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The rush of the holidays is now behind us, the weather sucks, and the news is getting scarier by the day. There’s really only one sane response: stay in and watch more television. Continuing its never-ending flood of content, Netflix has already released Messiah and Spinning Out, series designed to appeal to those who’ve been waiting for a second coming-themed religious mystery story and an ice-skating drama, respectively. This month will also soon see the returns of Curb Your Enthusiasm on HBO and Party of Five, the latter receiving a timely, immigration-themed update on Freeform. But the promising possibilities don’t stop there. Here are our 10 best bets for what to watch this month.
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Avenue 5 (HBO, Jan. 19)
Veep and In the Loop proved that British writer-director Armando Iannucci’s profane, satirical sensibility could work in the United States. But what about in space? The Thick of It creator’s latest takes place aboard an interplanetary pleasure cruise gone wrong. Hugh Laurie stars as the put-upon captain of a ship whose crew and passenger list also includes Josh Gad, as the ship’s billionaire owner, and Silicon Valley’s Zach Woods, as a customer relations head sorely unprepared to deal with catastrophe.
Awkwafina Is Nora From Queens (Comedy Central, Jan. 22)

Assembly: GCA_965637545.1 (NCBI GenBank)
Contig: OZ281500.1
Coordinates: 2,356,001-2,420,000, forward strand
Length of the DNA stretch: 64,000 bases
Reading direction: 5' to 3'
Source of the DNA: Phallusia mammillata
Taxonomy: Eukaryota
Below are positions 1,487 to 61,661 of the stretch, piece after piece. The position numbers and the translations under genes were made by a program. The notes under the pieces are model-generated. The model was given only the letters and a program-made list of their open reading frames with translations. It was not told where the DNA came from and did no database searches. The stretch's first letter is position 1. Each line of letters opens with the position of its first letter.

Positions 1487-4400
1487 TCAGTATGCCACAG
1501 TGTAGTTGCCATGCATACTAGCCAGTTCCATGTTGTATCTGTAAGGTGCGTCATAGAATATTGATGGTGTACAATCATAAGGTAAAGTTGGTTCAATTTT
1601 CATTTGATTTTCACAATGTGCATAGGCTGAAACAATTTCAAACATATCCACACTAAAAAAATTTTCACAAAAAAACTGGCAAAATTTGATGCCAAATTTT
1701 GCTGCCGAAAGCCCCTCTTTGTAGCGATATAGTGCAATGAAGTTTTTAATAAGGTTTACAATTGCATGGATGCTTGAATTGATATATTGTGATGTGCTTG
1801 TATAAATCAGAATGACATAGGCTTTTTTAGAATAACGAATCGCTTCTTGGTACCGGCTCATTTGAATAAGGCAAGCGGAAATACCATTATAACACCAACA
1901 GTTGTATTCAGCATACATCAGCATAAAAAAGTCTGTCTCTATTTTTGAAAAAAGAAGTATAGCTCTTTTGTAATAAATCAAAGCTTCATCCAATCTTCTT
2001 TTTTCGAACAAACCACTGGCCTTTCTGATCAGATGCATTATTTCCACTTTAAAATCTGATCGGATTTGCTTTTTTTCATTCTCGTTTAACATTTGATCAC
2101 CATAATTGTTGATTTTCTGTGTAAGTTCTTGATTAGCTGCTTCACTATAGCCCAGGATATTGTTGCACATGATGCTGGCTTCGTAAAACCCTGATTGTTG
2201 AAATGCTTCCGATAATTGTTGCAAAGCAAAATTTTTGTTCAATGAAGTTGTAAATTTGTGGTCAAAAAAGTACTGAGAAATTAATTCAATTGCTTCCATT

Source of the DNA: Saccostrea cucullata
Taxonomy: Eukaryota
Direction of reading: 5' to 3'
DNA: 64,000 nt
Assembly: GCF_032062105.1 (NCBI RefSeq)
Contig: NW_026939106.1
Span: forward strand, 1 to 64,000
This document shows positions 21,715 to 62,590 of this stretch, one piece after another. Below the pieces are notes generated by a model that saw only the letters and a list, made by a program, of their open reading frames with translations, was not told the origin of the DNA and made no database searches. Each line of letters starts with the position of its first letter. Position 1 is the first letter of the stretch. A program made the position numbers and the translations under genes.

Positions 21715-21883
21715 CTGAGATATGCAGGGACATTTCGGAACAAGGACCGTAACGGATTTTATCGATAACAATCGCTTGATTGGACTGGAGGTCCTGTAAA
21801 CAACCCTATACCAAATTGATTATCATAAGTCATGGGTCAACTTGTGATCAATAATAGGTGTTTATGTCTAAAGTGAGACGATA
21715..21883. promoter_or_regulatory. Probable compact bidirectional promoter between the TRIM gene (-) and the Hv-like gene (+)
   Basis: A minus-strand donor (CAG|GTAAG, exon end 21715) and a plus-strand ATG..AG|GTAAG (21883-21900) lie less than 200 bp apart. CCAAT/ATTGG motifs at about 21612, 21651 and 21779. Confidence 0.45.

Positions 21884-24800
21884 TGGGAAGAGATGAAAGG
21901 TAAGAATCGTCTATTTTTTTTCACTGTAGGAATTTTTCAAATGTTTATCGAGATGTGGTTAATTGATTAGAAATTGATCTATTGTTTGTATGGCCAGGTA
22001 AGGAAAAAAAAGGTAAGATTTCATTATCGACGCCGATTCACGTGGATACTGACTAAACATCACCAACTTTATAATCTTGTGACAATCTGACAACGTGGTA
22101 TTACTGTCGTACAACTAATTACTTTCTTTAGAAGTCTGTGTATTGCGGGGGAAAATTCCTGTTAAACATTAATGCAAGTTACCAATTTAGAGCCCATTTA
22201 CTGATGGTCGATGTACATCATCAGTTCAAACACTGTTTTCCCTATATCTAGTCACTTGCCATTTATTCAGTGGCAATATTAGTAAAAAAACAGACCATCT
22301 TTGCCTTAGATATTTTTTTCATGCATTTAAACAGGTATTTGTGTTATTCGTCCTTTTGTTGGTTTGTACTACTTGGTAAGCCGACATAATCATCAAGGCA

Why can’t more shows have titles that helpfully inform viewers about their stars and setting? In this new semi-autobiographical series, Awkwafina plays a twentysomething woman named, yes, Nora who lives with her father (B.D. Wong) and Grandmother (Lori Tan Chinn) in — that’s correct — Queens. Will she ever get her act together, figure out what she wants to do with her life, and move out on her own? Presumably not until at least a few seasons have passed.
Dracula (Netflix, Jan. 4)
With Sherlock, the creative team of Stephen Moffat and Mark Gatiss memorably reworked Arthur Conan Doyle’s detective stories for the 21st century while retaining the spirit of the source material (and turning Benedict Cumberbatch into an international sex symbol). Their latest collaboration finds them turning their attention to Bram Stoker’s bloodsucker via a three-part, era-spanning, unapologetically loose adaptation. (Dolly Wells fill the Van Helsing slot, for instance.) Star Claes Bang (The Square) wears a cape well, which goes a long way in any Dracula adaptation.
Girl/Haji (Netflix, Jan. 10)
Just like Netflix’s 2018 hit Bodyguard, this import has already played to great acclaim on British television — which also suggests this eight-part crime thriller set in London and Tokyo will be a must-see. Takehiro Hira stars as a Japanese detective looking for his brother, a member of the Yakuza, in London. Kelly Macdonald and Will Sharpe round out the cast as, respectively, a detective and a sex worker drawn into the mystery.
The Good Place: The Final Season (NBC, Jan. 9)
The cliché that all good things must come to an end applies even to the afterlife. Michael Schur’s beloved, unpredictable, philosophical sitcom will begin its official last lap this month, a run culminating in a two-part series finale and a post-show wrap-up on January 30th. No other comedy has traveled from heaven to hell while contemplating the nature of humanity and throwing in inspired, silly gags like a chowder fountain, so it’s hard to know what to expect from this final stretch (beyond Jacksonville jokes, of course).